We’re a bit stuck on Halloween. The thing is – we’re suckers for holidays in general. Personally, I love the Christmas season. But Carl is all about Halloween.
We love seeing how excited the little ones in our neighbourhood become. We love contributing to that excitement. We want lots of kids to come to our home and have a spooky, fulfilling, fun experience. We want to see the joy on our own kids’ faces when they hike around the whole block and then come back to spread their candy out on the living room floor and look on in awe that such a day exists.
So, we are kind of bummed that we now know a little too much about high fructose corn syrup and energy consumption to redo last year’s celebration verbatim. This year we decided to have a socially responsible halloween. And now we’re pouting – even moping – about it.
We have visions of sending kids home with homemade fudge only to have it tossed in the garbage by parents who don’t know us and can’t take the chance on untrusted baked goods. We have thoughts of sending our own children out dressed as something their very uncrafty mother has thrown together and not quite being able to explain what they are. What the heck is our problem?
Whenever something is getting me down, I try to figure out the root of it. In this case, I have to ask myself, is high fructose corn syrup really what I like about Halloween? Does my 3 year old really care about her costume? As I’m puzzling over this, I come to an epiphany. Darnit – those candy marketers are good! We are making this way harder than it is. This holiday can still be good. We just need to focus on the good stuff.
Treating (and Treasuring)
Do you remember when we were kids and we used to go out for Halloween? We would literally get 1 treat per house. 1 small bag of chips or chocolate bar. And we were thrilled. It’s only when we got older that we started to strategize about maximizing our “take”.
Why is it that we find ourselves wanting to impress the slew of 14 year olds that bombard our house while their parents sit in an idling car at the end of the drive? I’m thinking it’s long past time I let go of this insanity and focus on the little ones. My actual neighbors.
So here’s what we’re going to do. We’re going to splurge on a healthy supply of organic chocolate bars from the local bulk food store for the little ones. We’re also going to get a treasure bowl filled with stickers, non-plastic play things and perhaps the odd packet of Annie’s Homegrown fruit snacks (or “gooby snacks” as my kids call them). When kids debatably over 12 come to our door, we’re going to offer them only the treasure bowl. Are they going to judge us? Sure they are. But it’s really not about them.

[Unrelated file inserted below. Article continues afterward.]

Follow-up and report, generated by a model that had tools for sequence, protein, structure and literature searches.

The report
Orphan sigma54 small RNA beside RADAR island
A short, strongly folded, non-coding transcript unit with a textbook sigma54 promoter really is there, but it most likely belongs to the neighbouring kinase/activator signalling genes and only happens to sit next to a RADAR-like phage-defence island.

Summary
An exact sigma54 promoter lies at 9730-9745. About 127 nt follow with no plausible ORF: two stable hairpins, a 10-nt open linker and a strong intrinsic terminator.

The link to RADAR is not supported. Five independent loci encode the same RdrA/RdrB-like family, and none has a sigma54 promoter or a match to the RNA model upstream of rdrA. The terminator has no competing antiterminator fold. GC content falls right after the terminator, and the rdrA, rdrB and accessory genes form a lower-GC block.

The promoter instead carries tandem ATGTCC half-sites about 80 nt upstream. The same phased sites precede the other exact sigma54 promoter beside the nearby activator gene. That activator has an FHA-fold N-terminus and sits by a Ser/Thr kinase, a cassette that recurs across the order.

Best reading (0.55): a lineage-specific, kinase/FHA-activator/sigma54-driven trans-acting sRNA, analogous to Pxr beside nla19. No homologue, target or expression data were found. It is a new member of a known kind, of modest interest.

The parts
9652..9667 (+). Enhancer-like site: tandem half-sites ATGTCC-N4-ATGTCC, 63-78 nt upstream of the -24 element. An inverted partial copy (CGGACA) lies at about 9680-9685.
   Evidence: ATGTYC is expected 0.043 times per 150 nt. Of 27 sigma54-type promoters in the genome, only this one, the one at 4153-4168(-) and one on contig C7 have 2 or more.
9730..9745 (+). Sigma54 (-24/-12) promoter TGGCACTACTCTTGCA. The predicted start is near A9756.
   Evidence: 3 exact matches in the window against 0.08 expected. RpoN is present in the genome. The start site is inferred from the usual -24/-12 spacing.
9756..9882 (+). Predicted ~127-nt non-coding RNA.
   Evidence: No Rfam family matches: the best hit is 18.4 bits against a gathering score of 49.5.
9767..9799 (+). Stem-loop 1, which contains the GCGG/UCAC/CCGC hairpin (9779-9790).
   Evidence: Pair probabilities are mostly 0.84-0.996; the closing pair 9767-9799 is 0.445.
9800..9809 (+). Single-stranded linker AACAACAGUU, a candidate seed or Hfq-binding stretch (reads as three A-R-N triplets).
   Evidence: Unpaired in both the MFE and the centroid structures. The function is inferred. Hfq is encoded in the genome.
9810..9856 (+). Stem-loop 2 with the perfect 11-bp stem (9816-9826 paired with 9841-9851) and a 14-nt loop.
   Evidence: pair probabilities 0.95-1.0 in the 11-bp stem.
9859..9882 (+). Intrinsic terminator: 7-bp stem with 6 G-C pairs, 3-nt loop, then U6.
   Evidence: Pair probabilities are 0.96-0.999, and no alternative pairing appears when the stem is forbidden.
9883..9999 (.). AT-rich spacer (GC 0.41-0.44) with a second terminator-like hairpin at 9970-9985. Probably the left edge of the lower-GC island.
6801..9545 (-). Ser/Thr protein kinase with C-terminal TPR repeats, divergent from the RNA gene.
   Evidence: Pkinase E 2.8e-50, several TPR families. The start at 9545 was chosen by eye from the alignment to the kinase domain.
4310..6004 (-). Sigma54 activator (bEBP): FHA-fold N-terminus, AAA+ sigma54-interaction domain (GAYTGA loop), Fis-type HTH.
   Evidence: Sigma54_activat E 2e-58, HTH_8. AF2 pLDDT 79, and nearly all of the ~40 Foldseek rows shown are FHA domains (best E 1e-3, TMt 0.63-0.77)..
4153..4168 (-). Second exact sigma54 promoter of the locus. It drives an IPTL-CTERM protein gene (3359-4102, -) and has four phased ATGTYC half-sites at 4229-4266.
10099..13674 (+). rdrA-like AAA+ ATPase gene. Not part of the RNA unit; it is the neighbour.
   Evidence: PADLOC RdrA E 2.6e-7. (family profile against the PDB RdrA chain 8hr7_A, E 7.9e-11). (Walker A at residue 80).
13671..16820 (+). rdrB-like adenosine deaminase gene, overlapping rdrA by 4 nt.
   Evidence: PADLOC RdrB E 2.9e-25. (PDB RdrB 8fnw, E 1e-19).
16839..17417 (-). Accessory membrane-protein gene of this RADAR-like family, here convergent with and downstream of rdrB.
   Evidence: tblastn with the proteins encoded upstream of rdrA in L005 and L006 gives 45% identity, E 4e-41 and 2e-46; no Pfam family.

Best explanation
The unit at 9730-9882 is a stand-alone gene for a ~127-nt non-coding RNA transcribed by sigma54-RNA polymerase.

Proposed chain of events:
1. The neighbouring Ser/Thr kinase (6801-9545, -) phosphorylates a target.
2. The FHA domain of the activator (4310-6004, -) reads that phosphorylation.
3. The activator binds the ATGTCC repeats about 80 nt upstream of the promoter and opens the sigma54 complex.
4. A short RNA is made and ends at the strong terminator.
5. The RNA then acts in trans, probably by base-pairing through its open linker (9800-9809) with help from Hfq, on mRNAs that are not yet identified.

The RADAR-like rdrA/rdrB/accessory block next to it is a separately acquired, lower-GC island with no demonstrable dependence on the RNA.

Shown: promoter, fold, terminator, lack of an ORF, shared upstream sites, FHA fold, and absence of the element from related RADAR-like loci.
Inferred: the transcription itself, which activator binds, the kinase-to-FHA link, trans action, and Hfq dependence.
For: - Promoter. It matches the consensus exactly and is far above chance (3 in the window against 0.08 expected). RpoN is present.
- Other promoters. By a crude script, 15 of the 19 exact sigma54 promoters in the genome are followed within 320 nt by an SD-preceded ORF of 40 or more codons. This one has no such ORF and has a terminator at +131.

I remember making our own raggedy Anne and Andy costumes with my best friend in fourth grade. It was her very brilliant idea. We spent days threading red yarn through the pantyhose we wore as wigs. Its things like this that I remember about Halloween. And these are the memories I should focus on helping my children to create.
Of course, my 3 year old is not quite ready for handmade wigs yet, but someday, God willing, she will be. The truth is, we already picked up a dragon costume for my daughter in a weak moment at Winners. (I did at least confirm that it is non-toxic.) And there’s no way I’m going to take it from her now. My son, however, will be a chicken this year – the same costume my daughter wore 2 years ago. And next year, he will be a panda. After that, he can decide. But by then, we’ll be better organized at making or swapping costumes.
Doing It Up
Our neighbors have the coolest giant cat that swivels its eyes – seemingly watching you – as you walk by. I won’t lie. Carl wants one. Bad. But I think he has finally let go. Although it’s very tempting to buy all of those spooky Halloween gimics and decorations, it’s really not for us. Seriously people, what could be spookier than candles everywhere? This year, we’re going lightless – except the one mandatory “open for treating” light out front. This is the one holiday where absence of lighting may actually put the kids more in the spirit.
Beyond making costumes, kids can also get in the spirit by helping to decorate for the occasion. Carl had a great idea that we would put our old artifical Christmas tree out front and decorate it with little paper pumpkins and witches and things. There are loads of eco-friendly Halloween crafts out there.
Is Green Halloween Still Good Halloween?
So, is “Green Halloween” still Good Halloween? In my opinion, it’s even better. Let’s teach our kids how to do it right. How to eat right. How to give right. How to live right. And how to have a little unbridled, unabashed fun while they’re at it. Now that’s good.
Looking for more green and healthy Halloween ideas? Check out these great sources.
Want even more ideas for having a healthier Halloween? Use the NEW guide to a non-GMO Halloween from Green Halloween and the Non-GMO Project and check out these other awesome submissions from our Blogger Network:
- “Halloween And The Truth About High Fructose Corn Syrup” by Lori of Groovy Green Livin’
- “How To Cut Sugar Out Of Halloween” by Frugally Green Mom
- “Three Tips For Choosing Healthier Halloween Candy” by Charise of I Thought I Knew Mama
- “Healthier Halloween: Is It Possible?” by Michelle of Simplify, Live, Love
Great submissions everyone! Thanks so much for sharing your experiences and advice! Interested in being a part of this program? Sign-up here!
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